Researchers have described the role of the calcium sensing receptor (CaSR) in causing asthma, a disease which affects 300 million people worldwide, by using mouse models of asthma and human airway tissue from asthmatic and non-asthmatic people.
Their paper in Science Translational Medicine highlights the effectiveness of a class of drugs known as calcilytics in manipulating CaSR to reverse all symptoms associated with the condition. These symptoms include airway narrowing, airway twitchiness and inflammation - all of which contribute to increased breathing difficulty.
Calcilytics were first developed for the treatment of osteoporosis around 15 years ago with the aim of strengthening deteriorating bone by targeting CaSR to induce the release of an anabolic hormone. Although clinically safe and well tolerated in people, calcilytics proved unsuccessful in treating osteoporosis. While asthma is well controlled in some people, around one-in-twelve patients respond poorly to current treatments. This significant minority accounts for around 90% of health care costs associated with the condition.
According to Cardiff University Professor Paul Kemp, who co-authored the study, the identification of CaSR in airway tissue means that the potential for treatment of other inflammatory lung diseases beyond asthma is immense. These include chronic obstructive pulmonary disease (COPD) and chronic bronchitis, for which currently there exists no cure. It is predicted that by 2020 these diseases will be the third biggest killers worldwide.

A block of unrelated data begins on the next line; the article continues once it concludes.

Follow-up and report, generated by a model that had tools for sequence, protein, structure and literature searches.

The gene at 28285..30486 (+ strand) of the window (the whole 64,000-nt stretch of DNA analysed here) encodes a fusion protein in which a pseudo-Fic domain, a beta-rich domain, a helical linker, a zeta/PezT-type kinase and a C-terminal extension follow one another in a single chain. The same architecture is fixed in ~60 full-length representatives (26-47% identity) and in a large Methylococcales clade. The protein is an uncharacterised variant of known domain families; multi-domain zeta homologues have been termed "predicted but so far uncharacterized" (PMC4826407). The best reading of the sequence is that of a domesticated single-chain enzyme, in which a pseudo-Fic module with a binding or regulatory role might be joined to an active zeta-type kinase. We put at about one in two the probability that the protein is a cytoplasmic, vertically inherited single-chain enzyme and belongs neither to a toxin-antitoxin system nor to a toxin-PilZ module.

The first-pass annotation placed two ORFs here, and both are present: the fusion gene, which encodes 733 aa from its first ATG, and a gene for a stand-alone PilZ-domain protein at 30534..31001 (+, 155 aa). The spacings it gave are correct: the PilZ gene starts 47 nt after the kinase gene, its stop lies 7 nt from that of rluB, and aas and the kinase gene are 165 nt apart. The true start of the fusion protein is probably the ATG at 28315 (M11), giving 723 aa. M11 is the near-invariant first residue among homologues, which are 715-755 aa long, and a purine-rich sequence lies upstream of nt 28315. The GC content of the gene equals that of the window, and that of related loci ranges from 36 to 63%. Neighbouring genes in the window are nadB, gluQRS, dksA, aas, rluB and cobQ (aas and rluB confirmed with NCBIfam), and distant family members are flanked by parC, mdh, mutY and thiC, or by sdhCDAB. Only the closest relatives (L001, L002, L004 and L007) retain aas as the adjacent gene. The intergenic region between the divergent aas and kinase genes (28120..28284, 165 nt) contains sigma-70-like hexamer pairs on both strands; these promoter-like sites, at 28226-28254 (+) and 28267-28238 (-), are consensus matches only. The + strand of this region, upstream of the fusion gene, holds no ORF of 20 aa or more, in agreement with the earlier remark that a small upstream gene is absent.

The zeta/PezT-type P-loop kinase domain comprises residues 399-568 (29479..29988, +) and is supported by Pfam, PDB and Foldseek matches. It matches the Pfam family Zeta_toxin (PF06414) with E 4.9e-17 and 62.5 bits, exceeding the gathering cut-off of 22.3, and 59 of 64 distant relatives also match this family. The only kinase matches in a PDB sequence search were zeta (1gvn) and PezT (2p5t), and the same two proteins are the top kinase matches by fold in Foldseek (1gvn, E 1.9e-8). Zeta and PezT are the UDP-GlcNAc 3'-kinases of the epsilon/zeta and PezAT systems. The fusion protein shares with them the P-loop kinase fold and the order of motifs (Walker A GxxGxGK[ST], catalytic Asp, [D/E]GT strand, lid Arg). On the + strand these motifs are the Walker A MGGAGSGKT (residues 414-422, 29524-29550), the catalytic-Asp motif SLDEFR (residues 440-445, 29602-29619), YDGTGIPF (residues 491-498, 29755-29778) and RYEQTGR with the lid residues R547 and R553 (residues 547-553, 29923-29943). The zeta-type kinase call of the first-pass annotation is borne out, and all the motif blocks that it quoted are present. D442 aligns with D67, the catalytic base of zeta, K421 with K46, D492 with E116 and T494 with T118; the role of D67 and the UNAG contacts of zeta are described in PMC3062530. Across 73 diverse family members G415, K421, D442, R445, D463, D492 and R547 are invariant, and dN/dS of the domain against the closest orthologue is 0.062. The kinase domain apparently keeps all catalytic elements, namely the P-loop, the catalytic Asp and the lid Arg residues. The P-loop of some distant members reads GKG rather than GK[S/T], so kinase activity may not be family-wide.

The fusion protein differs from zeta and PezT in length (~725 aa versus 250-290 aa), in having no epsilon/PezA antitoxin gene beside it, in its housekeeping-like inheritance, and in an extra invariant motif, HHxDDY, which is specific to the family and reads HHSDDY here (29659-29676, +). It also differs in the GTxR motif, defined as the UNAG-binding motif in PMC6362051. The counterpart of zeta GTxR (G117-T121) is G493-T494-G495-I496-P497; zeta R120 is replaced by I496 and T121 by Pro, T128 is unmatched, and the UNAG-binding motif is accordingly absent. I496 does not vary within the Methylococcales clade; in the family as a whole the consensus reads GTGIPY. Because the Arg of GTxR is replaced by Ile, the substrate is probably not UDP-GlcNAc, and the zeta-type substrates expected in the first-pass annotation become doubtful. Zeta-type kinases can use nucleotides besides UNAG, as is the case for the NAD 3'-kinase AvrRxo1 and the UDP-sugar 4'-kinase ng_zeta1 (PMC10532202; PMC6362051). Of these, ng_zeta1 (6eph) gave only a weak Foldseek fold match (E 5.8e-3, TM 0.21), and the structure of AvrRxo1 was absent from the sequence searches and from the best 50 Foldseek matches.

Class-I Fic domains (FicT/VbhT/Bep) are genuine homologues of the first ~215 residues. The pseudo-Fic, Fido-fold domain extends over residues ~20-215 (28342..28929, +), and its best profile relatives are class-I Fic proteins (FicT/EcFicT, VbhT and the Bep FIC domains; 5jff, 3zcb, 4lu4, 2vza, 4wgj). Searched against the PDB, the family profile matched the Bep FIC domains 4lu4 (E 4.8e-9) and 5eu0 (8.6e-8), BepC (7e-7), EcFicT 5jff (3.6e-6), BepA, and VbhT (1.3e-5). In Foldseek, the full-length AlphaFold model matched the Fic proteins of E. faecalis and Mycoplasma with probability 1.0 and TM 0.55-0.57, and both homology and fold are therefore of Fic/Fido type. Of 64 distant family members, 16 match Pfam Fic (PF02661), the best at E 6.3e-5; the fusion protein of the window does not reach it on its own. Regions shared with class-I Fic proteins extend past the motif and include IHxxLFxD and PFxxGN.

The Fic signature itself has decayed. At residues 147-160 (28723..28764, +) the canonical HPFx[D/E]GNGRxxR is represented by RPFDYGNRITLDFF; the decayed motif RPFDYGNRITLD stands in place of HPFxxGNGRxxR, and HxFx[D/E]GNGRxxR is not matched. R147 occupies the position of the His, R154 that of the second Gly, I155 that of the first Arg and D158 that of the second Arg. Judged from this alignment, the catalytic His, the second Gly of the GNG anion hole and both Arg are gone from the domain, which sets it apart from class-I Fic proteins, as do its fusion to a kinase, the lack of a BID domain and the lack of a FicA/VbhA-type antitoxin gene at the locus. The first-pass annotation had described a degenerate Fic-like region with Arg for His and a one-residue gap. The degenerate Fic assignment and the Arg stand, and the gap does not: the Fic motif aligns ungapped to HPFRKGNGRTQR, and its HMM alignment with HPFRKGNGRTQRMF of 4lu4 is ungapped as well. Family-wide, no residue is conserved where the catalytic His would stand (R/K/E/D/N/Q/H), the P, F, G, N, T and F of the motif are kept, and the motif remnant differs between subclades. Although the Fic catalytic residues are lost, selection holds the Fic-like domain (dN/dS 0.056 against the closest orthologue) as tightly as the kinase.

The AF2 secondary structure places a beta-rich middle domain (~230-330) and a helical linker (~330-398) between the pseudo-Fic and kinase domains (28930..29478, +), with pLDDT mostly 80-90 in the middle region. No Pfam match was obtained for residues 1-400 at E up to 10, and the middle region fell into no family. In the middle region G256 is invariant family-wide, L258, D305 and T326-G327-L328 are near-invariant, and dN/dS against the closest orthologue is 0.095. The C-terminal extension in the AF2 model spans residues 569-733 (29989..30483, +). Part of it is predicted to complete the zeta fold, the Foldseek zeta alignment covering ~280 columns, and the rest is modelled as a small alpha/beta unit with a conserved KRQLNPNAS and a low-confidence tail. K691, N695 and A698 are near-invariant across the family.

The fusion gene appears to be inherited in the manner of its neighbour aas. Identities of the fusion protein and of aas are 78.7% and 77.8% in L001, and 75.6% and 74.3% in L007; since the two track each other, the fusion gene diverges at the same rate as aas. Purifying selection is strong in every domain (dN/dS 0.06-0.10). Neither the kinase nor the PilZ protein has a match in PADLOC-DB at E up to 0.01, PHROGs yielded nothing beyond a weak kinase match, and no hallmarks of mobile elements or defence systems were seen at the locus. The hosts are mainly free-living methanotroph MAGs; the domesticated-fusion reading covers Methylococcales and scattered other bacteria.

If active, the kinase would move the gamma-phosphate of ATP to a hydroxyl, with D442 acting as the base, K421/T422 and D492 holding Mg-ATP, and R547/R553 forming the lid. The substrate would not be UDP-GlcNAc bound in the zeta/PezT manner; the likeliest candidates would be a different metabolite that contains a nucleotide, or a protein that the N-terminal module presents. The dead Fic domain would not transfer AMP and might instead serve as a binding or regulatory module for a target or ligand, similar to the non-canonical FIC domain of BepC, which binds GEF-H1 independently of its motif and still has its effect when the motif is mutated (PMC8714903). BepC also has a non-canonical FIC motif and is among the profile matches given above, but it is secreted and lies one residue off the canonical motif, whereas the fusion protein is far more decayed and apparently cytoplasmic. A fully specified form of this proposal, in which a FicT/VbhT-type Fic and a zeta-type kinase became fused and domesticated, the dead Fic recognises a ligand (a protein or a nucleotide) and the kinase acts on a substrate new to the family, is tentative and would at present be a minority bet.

"Our findings are incredibly exciting," said principal investigator Professor Daniela Riccardi from Cardiff University School of Biosciences. "For the first time we have found a link between airways inflammation, which can be caused by environmental triggers - such as allergens, cigarette smoke and car fumes - and airways twitchiness in allergic asthma. Our paper shows how these triggers release chemicals that activate CaSR in airway tissue and drive asthma symptoms like airway twitchiness, inflammation, and narrowing. Using calcilytics, nebulized directly into the lungs, we show that it is possible to deactivate CaSR and prevent all of these symptoms."
This breakthrough provides researchers with the opportunity to re-purpose those drugs.
"If we can prove that calcilytics are safe when administered directly to the lung in people, then in five years we could be in a position to treat patients and potentially stop asthma from happening in the first place," added Riccardi.